Another problem is that stem cells must be genetically similar to the host to prevent rejection.  One solution is to use cells from a sibling, specifically cord blood from an infant, which is full of stem cells, but there is only a one in four chance that the major immune determinant genes will be the same (9).  The better, though more controversial, method is therapeutic cloning.  In this procedure, the patient’s DNA is transferred to one of her own egg cells (or his or her mother’s).  This egg is then grown as a “synthetic embryo” and harvested for stem cells (9).  The problem is that the cells would still have the original mutation, and, with the exception of the frataxin gene, it is not yet known how to correct these mutations.  This is an area that must be further explored before a cure can be created.
Stem cell research has given way to a still experimental treatment for one type of ataxia.  In 2005, Angie McDonald, a sufferer of FA, underwent the first stem cell treatment for ataxia (10).  The treatment consisted of injecting stem cells from umbilical cords into the bloodstream and the base of the skull.  Though the procedure did not eliminate her symptoms, it did decrease their severity and gave her more energy.  In an interview with BBC news a year later, she said the effects were wearing off, but she planned to receive another treatment (11).  Though this is still very new and by no means a cure, it may be possible in the coming years that more forms of ataxia will at least be treatable by this method.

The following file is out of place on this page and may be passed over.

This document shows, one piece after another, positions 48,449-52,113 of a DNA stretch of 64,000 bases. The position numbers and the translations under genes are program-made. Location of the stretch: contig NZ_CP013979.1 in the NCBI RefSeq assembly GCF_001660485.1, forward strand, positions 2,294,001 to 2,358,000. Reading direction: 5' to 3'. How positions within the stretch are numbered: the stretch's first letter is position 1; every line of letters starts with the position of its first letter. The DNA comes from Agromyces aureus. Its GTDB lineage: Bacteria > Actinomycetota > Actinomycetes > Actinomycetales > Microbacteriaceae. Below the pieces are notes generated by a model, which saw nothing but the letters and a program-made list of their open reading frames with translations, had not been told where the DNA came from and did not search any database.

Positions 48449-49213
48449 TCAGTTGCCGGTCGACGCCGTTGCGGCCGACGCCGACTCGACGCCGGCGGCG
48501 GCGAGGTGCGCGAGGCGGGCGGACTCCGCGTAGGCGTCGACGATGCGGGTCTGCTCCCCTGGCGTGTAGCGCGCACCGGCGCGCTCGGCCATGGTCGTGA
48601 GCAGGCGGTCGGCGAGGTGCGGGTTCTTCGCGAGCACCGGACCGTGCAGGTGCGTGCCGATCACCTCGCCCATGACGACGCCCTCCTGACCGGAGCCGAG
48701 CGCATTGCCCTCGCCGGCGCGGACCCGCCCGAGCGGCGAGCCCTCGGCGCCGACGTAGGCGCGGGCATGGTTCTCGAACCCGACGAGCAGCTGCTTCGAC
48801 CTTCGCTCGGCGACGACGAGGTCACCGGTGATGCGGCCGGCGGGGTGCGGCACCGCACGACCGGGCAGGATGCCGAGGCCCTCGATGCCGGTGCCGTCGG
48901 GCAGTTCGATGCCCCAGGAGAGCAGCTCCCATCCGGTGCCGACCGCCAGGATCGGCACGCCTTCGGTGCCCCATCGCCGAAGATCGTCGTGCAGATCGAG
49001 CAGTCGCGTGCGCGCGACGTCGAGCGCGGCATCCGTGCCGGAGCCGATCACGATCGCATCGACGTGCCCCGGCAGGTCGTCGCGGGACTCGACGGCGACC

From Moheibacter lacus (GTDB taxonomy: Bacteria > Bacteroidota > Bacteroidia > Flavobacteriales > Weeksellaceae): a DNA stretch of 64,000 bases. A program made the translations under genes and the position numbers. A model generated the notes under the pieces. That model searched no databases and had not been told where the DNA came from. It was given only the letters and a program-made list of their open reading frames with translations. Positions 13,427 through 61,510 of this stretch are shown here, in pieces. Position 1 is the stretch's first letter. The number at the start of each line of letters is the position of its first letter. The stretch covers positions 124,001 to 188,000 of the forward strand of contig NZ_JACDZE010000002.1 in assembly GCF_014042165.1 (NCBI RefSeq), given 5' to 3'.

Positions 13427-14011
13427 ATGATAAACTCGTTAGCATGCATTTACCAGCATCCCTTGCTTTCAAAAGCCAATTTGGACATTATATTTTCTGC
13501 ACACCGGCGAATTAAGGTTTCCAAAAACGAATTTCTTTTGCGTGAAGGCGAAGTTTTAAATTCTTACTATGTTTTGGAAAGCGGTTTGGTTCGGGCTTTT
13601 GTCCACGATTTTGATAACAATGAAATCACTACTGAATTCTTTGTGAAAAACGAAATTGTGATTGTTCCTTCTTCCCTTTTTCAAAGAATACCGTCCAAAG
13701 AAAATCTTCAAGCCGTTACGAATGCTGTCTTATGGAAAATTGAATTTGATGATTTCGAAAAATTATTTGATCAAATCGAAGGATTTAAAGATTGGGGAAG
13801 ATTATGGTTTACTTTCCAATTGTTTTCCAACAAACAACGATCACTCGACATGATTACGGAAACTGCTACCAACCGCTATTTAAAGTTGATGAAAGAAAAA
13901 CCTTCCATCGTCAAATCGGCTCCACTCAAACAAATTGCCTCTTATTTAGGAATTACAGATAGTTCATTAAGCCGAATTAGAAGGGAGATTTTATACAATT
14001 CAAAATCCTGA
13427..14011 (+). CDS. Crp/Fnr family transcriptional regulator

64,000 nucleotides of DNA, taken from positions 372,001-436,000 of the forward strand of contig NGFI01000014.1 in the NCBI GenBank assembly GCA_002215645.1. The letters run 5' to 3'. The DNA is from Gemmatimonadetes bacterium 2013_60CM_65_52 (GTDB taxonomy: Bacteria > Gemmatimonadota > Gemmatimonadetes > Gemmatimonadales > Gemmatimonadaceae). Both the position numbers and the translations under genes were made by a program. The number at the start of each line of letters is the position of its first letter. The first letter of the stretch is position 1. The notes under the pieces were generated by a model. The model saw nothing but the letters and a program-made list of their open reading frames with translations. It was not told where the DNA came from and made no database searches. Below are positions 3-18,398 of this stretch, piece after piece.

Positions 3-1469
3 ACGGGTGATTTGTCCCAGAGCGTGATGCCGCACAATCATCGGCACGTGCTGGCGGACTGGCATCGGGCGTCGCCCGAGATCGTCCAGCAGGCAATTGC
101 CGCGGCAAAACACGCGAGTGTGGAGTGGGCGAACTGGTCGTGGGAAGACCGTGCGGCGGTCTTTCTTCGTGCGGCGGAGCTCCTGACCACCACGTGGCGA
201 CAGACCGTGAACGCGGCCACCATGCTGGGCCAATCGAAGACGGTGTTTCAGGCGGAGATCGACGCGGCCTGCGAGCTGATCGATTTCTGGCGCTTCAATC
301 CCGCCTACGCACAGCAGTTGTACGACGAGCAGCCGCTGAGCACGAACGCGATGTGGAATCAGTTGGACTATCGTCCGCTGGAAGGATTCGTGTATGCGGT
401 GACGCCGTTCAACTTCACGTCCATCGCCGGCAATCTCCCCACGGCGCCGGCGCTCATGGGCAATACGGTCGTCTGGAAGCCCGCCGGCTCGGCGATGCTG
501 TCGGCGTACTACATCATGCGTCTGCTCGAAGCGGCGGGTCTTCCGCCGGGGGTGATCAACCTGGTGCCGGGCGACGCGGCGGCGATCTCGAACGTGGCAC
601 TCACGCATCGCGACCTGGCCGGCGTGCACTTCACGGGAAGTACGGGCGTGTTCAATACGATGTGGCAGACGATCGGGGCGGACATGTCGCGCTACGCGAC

Research on ataxia is highly under-funded as most governments place it low on the priority list.  Very few people have even heard of the disease, including many medical professionals.  Though the disease in uncommon (approximately 15,000 Americans have it (1)), it is much more prevalent than was once believed.  Many people have been misdiagnosed by their physicians, because it is so often forgotten as a possibility.  Because of the ignorance of the public, many people with ataxia suffer prejudice.  The unbalanced gait of ataxia gives people the appearance of being drunk.  Police officers often do not accept ataxia as a valid reason for failing motor control tests, because so few have heard of it.  Many people with ataxia must wear medical alert tags to prove that they actually have a medical condition (12).  Children in particular suffer from the stigmas of ataxia.  Since it so often goes undiagnosed in children, they may be scolded for sloppy handwriting and clumsiness mistaken for carelessness.
In order to educate the public about ataxia and the importance of research, International Ataxia Awareness Day (13) was created.  This day, September 25th, is intended to teach people about ataxia and to encourage them to donate to ataxia research.  Nearly all research done on ataxia so far has been funded by volunteers, because governments give so little support.  Volunteers are also needed to donate money for specialized computers, communications and mobility aids, and home adaptations.
Ataxia needs to be recognized for the serious disease it is.  More effort should be made to educate the public about this condition.  Emphasis on this disease will help encourage donations to support research on an often neglected illness that is, nevertheless, still a serious problem for many people.  As stem cell research progresses, more ways are found to use adult stem cells, rather than embryonic stem cells.  This research must continue so that safe, ethical treatments and cures can be developed for this debilitating disease.